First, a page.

Dragon Episode 6
In the Witcher lore, dragons are one of the rarest species. They are creatures that stay away from people and don’t tend to attack unless provoked. Witchers seldom fight dragons, seeing them more as a species worth protecting rather than eliminating.
Origin: The Polish legend of the Wawel Dragon is not only the inspiration for the dragon but the entire story of the Witcher. Sapkowski thought that it was ridiculous how in the legend a cobbler is commissioned to kill a dragon, so he created the monster hunter Geralt of Rivia.
In the games: Dragons are very tough opponents as they have many immunities and no weaknesses. Plus, they also fly and have deadly breath.
Hirikka Episode 6
A creature rarer even than the dragon, the Hirrika we saw in episode six doesn’t pose danger unless it’s starving and searching for food. If fed, it will just disappear.
Origin: In the books, Hirikkas are described as “rather stupid” large and clumsy animals that will trample a man’s head and chest and then devour him. They were almost extinct as their skin is considered extremely valuable.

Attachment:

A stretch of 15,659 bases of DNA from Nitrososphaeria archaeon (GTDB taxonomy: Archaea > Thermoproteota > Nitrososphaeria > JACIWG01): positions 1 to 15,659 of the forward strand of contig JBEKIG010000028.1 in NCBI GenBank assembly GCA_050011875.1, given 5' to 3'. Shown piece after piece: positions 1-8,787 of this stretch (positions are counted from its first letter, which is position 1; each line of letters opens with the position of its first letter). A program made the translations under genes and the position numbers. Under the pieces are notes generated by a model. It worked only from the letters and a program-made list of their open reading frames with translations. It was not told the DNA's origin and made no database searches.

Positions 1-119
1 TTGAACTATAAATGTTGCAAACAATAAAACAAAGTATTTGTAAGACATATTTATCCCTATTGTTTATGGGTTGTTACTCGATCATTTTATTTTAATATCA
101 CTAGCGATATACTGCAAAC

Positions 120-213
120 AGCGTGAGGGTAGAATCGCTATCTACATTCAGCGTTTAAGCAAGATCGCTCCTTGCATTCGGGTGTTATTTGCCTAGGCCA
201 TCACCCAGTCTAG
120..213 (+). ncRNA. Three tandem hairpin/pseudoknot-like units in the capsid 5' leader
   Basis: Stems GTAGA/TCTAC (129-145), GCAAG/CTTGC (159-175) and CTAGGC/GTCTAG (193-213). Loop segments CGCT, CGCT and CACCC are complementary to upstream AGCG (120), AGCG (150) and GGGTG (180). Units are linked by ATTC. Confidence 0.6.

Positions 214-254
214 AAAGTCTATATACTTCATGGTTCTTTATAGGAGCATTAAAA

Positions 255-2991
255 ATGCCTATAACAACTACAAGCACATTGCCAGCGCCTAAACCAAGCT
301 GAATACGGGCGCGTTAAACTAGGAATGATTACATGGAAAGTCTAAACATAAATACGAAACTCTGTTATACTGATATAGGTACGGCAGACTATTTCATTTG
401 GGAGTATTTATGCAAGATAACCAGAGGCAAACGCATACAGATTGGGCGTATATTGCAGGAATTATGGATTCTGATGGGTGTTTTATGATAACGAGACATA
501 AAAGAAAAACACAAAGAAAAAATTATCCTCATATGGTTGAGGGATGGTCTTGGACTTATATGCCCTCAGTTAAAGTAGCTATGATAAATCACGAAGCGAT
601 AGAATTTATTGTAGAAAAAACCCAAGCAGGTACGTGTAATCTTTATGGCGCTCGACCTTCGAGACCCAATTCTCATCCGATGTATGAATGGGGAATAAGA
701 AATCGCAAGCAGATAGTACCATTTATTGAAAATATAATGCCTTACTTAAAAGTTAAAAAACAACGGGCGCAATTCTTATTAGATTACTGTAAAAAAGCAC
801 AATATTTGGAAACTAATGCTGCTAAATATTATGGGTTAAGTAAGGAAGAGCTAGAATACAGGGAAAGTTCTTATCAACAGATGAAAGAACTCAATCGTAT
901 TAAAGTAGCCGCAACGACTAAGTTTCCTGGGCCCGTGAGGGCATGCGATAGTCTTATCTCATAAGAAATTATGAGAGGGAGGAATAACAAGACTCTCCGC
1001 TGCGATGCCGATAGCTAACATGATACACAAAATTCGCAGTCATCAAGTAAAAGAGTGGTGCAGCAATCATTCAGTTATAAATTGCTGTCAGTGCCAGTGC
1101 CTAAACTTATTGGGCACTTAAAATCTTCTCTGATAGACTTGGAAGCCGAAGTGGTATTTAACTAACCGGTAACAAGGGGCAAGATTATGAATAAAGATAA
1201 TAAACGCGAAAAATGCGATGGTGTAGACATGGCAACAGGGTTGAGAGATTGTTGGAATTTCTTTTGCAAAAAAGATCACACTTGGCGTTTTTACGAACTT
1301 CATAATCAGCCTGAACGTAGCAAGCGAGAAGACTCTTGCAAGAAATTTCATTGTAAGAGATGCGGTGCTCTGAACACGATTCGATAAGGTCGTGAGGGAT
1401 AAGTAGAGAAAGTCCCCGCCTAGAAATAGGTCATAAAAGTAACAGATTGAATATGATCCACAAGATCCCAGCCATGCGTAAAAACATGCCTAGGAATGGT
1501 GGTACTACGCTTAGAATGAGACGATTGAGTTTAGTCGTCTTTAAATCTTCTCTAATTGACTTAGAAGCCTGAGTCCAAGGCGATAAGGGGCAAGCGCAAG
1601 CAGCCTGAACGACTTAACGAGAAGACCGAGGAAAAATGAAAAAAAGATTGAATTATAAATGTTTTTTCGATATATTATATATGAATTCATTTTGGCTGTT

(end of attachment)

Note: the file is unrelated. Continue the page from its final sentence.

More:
In the games: Hirikkas don’t appear in the games, probably due to the fact that they’re extremely rare and are typically harmless.
The Undead / Ghouls Episode 8
In the last episode of the first season, Geralt battles a pack of ghouls and one manages to get a bite of his leg, giving him a nasty wound that almost killed him. The ghouls in the series look like disfigured humans but are, in fact, feral corpse-eating beasts.
Origin: In Arabic folklore, ghouls are demonic subspecies of jinn that dwell in burial grounds and eat human flesh. Some sources describe ghouls as shapeshifting demonic creatures that live in the desert and lure people away to eat them.
In the games: Ghouls are necrophages that lurk in cemeteries and are weak as individuals but can be dangerous in packs. They are resistant to common poisons but sensitive to silver and necrophage oil.